For Herps2, the biggest safe sex no-no is having sex when she's having an active breakout. That's a pretty common sense one and really, if she's having an outbreak, she's probably feeling unsexy and uncomfortable anyway. But definitely if there are sores, avoid sexual contact until it has passed. If she's on anti-viral medication, which a lot of people with Herps2 are these days, outbreaks are going to be fairly few and far between so completely avoiding sex during them may sound like a big deal on the surface, but in practice it's probably going to be an uncommon inconvenience.
|This is a medical use of dental dams, but I freaked you out, didn't I?|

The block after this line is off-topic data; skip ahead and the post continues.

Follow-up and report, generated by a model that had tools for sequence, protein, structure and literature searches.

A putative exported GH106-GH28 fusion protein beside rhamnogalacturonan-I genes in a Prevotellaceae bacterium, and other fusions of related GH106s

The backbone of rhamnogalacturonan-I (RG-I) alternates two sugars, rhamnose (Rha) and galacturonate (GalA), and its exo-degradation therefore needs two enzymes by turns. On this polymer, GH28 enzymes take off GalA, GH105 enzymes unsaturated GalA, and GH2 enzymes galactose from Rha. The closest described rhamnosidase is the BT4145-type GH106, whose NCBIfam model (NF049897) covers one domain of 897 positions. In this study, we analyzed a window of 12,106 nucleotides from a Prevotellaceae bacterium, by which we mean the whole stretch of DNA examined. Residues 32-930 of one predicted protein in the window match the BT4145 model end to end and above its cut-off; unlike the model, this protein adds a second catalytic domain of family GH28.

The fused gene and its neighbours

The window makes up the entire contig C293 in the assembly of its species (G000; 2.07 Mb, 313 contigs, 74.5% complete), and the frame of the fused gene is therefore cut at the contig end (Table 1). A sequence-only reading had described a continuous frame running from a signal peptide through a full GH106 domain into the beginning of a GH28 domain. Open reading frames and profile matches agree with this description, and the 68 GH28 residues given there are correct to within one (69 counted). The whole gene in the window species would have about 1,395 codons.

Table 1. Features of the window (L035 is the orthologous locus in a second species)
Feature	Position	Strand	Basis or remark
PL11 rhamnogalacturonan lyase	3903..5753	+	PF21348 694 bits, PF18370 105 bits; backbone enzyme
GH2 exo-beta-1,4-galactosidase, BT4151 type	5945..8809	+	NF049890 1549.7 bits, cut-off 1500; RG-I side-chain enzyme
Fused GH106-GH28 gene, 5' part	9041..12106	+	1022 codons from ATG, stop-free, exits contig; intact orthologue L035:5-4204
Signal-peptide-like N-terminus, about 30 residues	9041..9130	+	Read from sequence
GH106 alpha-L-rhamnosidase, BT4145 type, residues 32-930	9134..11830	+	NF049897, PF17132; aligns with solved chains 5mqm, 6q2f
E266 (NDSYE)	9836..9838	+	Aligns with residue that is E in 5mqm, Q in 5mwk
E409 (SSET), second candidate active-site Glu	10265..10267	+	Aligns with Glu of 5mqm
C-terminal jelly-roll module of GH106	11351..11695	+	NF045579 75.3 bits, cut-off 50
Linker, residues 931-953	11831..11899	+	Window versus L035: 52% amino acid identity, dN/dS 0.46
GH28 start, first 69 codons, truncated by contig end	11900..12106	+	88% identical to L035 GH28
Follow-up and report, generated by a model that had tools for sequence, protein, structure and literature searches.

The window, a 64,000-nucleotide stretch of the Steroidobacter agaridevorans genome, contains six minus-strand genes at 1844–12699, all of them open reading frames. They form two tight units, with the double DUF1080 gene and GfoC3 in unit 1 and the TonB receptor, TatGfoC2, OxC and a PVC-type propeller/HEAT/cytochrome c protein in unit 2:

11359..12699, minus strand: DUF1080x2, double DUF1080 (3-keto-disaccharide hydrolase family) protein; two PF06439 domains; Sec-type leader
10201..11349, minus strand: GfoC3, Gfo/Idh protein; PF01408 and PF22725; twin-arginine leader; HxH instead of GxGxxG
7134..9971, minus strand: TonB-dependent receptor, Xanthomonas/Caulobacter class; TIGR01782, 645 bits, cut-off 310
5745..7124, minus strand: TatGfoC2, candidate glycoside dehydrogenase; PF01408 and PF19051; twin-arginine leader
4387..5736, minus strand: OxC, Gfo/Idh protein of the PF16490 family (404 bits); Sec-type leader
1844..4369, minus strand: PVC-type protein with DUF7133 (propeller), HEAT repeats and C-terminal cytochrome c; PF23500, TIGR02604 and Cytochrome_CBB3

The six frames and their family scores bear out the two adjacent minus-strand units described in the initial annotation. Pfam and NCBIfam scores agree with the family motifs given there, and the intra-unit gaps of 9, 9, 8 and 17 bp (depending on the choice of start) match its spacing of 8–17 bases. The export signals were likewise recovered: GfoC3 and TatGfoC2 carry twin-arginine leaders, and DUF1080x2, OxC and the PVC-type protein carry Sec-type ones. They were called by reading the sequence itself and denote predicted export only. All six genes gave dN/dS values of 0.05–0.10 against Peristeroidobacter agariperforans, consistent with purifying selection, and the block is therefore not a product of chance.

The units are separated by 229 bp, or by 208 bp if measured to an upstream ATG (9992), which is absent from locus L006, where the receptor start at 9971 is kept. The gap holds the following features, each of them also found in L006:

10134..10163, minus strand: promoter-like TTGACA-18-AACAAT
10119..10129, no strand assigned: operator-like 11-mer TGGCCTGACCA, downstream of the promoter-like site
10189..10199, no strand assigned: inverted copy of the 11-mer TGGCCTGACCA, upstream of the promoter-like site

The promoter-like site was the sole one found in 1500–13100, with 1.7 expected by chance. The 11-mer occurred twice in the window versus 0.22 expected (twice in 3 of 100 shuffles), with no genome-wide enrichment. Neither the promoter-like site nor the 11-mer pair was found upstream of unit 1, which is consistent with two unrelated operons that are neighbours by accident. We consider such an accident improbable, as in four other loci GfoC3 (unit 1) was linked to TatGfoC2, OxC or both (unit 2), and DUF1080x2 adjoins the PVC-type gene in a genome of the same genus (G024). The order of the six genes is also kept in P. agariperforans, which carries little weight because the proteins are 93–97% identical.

Dental dams are always recommended for going down on someone with any STD. Herps2 can turn into Herps1 during oral sex or vice-versa. If someone has outbreaks around their mouth (aka Herps1), then she'll need to use a dental dam when going down on someone as well. It's harder for the virus to go from vagina to mouth than from mouth to vagina, but it can happen, so be safe regardless of whether its type 1 or 2. Dental dams come in cool flavors, colors, etc. OR in a pinch if you don't have one, good old plastic wrap from the kitchen can work, if you avoid the microwave safe kind. Condoms slit up the side can also turn into dental dams, especially the polyurethane kind, but this can get expensive. Go Ask Alice has the whole skinny on dental dam purchasing, but basically these days you can order them online really easy. Plastic wrap is also a pretty good route to take--it's cheap, plentiful, easily obtained without stigma, and you can size it yourself. It's also a little thinner than some dental dams to allow for more sensation. The origin of dental dams is in dentistry where they used the stretchy things during heavy duty dental work to make sure tooth stuff didn't fall down your throat (see the picture above for how) while you were all zapped out on laughing gas. They've made changes since, of course, but pleasure giving was not really a consideration in their original design.